Likewise, among the deaths reported in Kathmandu valley, three people died in the Capital after the compound wall of the British Embassy at Lainchaur collapsed in the aftermath of the quake. On the basis of report altogether 104 people died in India, Nepal and Tibet due to the earthquake. Its number is expected to increase because rescue workers are still hoping to find buried survivors under collapsed buildings, but many fears that the death toll will continue to rise over the next few days.
There is difficult for rescue because both the Sikkim and north-eastern part of Nepal are much undeveloped, hilly, mountainous areas where there is no facility of airport, easy transportation and is far from the cities areas with hard communication and the climate is also not good in that places.
national newspapers websites
Government support for quake victims
The government has announced a relief package for the families of those killed and injured in the 6.8 magnitude-quake that jolted much of the country, especially eastern Nepal, on Sunday evening.
A meeting of Central Natural Disaster Relief Committee (CNDRC) presided by home minister Bijaya Kumar Gachchhadar on Monday decided to direct all district-level natural disaster rescue committees to provide Rs 100,000 to the families of those who died in the earthquake as an immediate relief.
Similarly, the CNDRC, as per Prime Minister´s instruction, decided to urge Prime Minister Natural Disaster Rescue Fund to provide Rs 100,000 each to the families of the deceased. A meeting of the CNDRC also decided to provide free of cost treatment to all those injured in the earthquake. The CNDRC also asked district-level committees to furnish the details of damages caused by the quake in three days.
Similarly, the British Embrassy, in a statement deeply regretted the deaths and injuries to others as a result of the collapse. "The ambassador offered his condolences to the local community on Sunday evening and met with relatives of the victims on Monday morning," the statement issued by the embassy said. "The embassy will continue to do everything possible to help the local community and the government of Nepal. Relatives of deceased in British Embassy for compensation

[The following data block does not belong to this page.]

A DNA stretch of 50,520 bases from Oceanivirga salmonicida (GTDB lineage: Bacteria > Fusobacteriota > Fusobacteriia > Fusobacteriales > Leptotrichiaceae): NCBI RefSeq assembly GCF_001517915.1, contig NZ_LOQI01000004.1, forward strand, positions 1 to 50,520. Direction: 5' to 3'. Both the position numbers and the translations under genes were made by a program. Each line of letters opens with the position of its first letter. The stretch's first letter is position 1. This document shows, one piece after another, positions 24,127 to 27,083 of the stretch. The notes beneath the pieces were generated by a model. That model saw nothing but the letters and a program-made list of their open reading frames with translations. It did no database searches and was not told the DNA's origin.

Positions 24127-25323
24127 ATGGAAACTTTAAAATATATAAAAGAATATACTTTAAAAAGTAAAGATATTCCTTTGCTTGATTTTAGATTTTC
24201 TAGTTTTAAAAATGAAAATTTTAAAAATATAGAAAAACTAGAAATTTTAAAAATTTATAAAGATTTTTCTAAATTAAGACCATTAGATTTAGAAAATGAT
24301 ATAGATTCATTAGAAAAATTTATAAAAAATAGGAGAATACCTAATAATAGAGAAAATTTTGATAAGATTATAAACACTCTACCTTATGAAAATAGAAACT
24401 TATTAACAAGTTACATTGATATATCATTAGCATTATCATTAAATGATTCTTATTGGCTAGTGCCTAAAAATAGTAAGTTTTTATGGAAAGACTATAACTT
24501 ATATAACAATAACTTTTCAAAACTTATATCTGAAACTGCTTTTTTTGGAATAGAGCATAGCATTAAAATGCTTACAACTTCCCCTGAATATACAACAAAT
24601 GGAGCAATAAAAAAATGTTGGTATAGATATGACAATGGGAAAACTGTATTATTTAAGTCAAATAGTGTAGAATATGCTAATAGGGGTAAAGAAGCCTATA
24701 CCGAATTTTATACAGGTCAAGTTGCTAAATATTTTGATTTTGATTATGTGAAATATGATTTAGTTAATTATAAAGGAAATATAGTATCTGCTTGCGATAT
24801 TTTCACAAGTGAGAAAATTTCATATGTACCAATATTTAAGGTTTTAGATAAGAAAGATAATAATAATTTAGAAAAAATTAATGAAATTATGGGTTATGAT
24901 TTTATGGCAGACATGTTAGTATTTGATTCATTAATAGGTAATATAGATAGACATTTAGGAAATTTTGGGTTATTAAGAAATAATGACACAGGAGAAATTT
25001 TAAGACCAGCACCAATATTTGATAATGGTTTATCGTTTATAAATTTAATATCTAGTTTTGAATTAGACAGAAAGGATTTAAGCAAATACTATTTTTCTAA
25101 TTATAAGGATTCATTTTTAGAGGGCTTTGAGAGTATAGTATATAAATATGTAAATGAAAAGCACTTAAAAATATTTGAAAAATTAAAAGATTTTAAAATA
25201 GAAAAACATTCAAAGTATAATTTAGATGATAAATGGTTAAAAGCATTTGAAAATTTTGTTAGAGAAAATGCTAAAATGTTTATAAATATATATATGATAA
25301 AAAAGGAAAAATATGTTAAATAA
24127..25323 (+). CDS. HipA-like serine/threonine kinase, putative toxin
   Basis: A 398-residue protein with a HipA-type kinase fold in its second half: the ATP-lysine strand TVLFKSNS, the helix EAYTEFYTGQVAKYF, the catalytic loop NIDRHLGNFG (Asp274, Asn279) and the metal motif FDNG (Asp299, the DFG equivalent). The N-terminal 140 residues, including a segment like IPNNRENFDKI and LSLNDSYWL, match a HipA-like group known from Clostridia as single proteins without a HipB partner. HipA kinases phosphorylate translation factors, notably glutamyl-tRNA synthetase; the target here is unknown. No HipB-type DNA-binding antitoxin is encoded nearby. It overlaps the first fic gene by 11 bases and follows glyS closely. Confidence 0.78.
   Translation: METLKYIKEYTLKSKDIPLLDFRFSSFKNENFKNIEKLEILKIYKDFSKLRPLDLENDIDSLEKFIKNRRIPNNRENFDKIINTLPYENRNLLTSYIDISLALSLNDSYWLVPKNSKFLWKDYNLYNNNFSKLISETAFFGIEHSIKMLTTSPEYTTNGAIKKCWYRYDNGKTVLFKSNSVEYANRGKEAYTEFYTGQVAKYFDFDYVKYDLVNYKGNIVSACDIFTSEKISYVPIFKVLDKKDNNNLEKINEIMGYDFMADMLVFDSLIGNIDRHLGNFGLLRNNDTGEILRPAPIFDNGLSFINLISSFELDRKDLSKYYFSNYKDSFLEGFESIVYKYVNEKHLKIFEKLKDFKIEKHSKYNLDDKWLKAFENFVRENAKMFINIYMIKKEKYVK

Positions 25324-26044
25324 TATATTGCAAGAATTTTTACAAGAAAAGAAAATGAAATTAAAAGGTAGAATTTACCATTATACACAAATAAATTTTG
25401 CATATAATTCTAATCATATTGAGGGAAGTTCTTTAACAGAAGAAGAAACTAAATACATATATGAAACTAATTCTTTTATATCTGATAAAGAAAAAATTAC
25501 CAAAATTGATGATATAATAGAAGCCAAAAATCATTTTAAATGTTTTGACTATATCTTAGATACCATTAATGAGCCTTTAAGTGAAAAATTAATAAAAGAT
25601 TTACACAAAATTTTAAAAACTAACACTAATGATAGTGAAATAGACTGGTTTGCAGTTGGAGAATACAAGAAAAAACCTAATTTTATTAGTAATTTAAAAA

According to Kantipur newspaper of Thursday, relief distribution to Sunday’s earthquake victims in the eastern hilly districts is going on at a snail’s pace. In Taplejung—where the earthquake caused extensive damage—the task of relief distribution and damage assessment started on Wednesday, beginning from Dokhu and Thechambu VDCs.
In the first phase of the relief distribution, the District Administration Office (DAO) and Nepal Red Cross are providing Rs 5,000 along with tarp, blankets and utensils to families whose houses were destroyed in the earthquake.
Relief distribution has progressed in Panchthar, four days after the earthquake ravaged scores of houses in the district. The District Natural Disaster Relief and Rescue Committee has mobilised its personnel in all the 41 VDCs of the district. However, they are yet to begin relief distribution. Only a few families in the district headquarters have received the relief so far.
Acting Chief District Officer Laxmi Kharel said they do not have enough funds to provide relief materials to all the victims. He said each team will be able to provide relief materials to only five families in one VDC. A Nepal Red Cross official said they can provide for only 116 families in the district. “There are more than 400 families in need of relief materials in one VDC alone,” he said.
In Ilam, the earthquake displaced around 1,000 families. Many families are from rural areas of the district and they are yet to receive relief materials. Meanwhile, the families rendered homeless by the quake have complained that the monetary assistance provided by the administration is not enough. Displaced family compelled to live under the open sky.
Risk of earthquakes in Nepal
smh.com.au (The Sydney morning herald)
With rescue work still under way in Nepal after Sunday’s deadly earthquake in the Himalayas, scientists have warned that the capital Kathmandu is a high-risk city unprepared for the next "Big One". Experts say Kathmandu is one of the most vulnerable cities in the world with an overdue earthquake predicted to kill tens of thousands of people and leave survivors cut off from international aid.
British geologist Dave Petley described the latest tremor, which killed eight people in Nepal, as a "wake-up call" for the overcrowded capital, home to two million people and connected to the outside world by just three roads and one airport runway.